On contrast to these three views, Pitre, Barber and Kincaid describe Paul as a “New Covenant Jew” because that is the terminology he uses to describe himself (39). They build on the work of Protestant scholars like Michael Gorman, Richard Hays, N. T. Wright, Michael Bird and Catholic scholars like Joseph Fitzmyer, Frank Matera and Scott Hahn. Since this description is “drawn from the Jewish scriptures (Jer 31:31-34), it has within itself the power to account for elements of both continuity (“covenant”) in discontinuity (“new”) with Judaism on Paul’s theology” (39). Paul understands himself as a minister of this new covenant and that there is always a balance of divine and human actions n Paul’s theology. To argue “the law is not sufficient to save is hardly anti-Jewish” (45). In fact, for Paul, “the new covenant involves emotive faithful obedience that transcends that which was possible under the Torah” (63).

Another aspect of the question “What kind of Jew was Paul?” is the recent trend in Pauline scholarship to describe his theology as apocalyptic. By apocalyptic, some scholars mean radical discontinuity between the ages is often described as a “eschatological invasion” (J. Louis Martyn, Douglas Campbell, for example). Other scholars use the term “apocalyptic” to emphasize continuity between Paul’s teaching and its early Jewish context (N. T. Wright, Michael Gorman, for example). The authors attempt a “both-and” approach which argues Paul’s theology is deeply rooted in early Jewish apocalypses (continuity), but he radically transformed that Jewish theology around the revelation of what God has done in Christ (discontinuity). Jewish eschatology can be described as “two worlds theology,” this age and the age to come. In Paul, these worlds overlap. This world is giving way to the world to come; the old creation is becoming a new creation. The overlap of the ages Paul describes as “in Christ” (73). This is clear in Paul’s contrast between a heavenly citizenship in an earthly citizenship. Yet for Paul, Christians two realms, they are still on earth, yet they are also in the heavens (88). Paul makes claims that are indeed radically discontinuous with the Judaism of his day. But he describes the revelation of Jesus Christ in this new age in ways that are consistent with the Second Temple Judaism.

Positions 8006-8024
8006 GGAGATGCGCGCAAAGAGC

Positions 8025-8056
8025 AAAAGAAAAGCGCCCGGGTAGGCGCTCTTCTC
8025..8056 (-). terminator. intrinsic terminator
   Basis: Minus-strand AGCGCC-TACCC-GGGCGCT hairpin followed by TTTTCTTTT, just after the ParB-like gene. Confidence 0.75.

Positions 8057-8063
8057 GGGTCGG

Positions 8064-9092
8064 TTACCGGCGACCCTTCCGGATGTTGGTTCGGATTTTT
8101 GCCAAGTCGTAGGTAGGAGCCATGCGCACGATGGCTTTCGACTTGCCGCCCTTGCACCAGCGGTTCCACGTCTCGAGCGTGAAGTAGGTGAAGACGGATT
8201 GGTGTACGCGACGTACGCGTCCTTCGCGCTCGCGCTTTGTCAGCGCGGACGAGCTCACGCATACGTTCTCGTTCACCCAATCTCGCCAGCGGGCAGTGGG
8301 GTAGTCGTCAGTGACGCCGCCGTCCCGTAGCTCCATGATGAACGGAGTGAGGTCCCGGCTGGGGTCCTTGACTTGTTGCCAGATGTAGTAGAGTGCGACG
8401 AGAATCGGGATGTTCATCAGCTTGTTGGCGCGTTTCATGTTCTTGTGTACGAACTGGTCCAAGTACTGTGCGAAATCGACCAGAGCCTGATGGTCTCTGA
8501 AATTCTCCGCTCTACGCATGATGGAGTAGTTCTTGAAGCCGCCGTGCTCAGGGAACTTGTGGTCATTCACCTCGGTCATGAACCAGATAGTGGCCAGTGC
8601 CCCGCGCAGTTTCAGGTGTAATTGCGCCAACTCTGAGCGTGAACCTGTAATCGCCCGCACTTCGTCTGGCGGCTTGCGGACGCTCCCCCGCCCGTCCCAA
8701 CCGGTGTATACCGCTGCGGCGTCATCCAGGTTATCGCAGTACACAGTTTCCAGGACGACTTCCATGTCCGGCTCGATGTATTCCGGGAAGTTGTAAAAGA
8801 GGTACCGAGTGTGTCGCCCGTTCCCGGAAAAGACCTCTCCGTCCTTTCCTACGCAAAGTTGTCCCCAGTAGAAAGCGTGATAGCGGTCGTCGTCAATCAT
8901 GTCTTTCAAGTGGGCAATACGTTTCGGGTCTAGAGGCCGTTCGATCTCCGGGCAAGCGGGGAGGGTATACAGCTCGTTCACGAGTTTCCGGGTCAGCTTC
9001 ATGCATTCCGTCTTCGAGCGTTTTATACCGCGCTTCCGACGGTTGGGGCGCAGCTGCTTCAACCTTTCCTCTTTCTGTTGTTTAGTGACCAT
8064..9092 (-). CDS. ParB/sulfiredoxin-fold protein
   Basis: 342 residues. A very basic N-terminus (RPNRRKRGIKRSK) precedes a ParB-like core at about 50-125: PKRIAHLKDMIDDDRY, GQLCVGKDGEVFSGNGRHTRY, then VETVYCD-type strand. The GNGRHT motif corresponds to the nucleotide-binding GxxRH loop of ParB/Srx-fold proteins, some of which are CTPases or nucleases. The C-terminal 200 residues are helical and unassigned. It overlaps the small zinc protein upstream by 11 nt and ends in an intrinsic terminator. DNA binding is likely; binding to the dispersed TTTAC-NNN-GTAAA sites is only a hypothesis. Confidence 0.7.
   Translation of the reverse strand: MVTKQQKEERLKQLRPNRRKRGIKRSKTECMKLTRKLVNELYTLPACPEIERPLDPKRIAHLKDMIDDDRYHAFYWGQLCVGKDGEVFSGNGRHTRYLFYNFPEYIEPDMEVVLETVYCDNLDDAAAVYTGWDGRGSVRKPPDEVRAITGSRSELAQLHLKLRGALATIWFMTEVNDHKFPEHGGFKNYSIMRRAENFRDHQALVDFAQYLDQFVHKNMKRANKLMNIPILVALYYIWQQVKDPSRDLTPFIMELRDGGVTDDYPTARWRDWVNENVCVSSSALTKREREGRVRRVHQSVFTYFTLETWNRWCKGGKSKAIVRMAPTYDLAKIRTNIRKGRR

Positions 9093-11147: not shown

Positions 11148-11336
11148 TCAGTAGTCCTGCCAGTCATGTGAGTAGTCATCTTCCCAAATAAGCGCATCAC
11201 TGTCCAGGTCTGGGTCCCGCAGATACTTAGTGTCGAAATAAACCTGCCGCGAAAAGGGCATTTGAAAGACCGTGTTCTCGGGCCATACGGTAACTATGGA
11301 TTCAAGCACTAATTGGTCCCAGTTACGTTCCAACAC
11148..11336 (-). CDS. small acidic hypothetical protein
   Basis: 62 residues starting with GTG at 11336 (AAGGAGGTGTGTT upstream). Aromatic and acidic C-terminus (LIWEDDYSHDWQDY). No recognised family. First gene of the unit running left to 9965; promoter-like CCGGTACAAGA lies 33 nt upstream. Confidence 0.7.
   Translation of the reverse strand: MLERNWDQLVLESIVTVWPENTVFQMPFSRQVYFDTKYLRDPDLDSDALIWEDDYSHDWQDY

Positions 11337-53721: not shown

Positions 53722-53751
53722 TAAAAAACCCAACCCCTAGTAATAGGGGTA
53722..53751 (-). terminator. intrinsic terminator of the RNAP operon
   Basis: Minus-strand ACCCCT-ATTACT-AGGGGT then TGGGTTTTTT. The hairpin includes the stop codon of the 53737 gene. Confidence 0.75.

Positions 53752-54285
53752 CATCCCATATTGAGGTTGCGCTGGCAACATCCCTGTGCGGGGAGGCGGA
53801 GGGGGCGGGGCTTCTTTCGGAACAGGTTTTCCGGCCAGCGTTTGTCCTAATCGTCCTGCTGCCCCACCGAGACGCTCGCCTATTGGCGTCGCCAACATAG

The next three chapters apply this view of Paul as a New Covenant Jew to three theological issues: Christology, the Cross and the Atonement, and New Covenant justification through divine sonship.  In each Paul’s theology is in some ways consistent with Second Temple Judaism, yet in other important ways it breaks new ground. With respect to Christology, the authors observe that Paul is deeply rooted in first century Judaism. Yet at the same time he goes well beyond early Jewish sources in his messianic claims (96). There is no doubt that Paul understood Jesus as the Messiah. Yet he also clearly teaches that Jesus has equality with God Philippians 2. In 1 Corinthians 8:5-6, Paul inserts Jesus into the Shema, “there is one God and one Lord” (116). Paul describes “Christ’s relationship with believers in terms that Jewish readers would have associated exclusively with the one God of the Shema (Deut 6:4-6)” (123).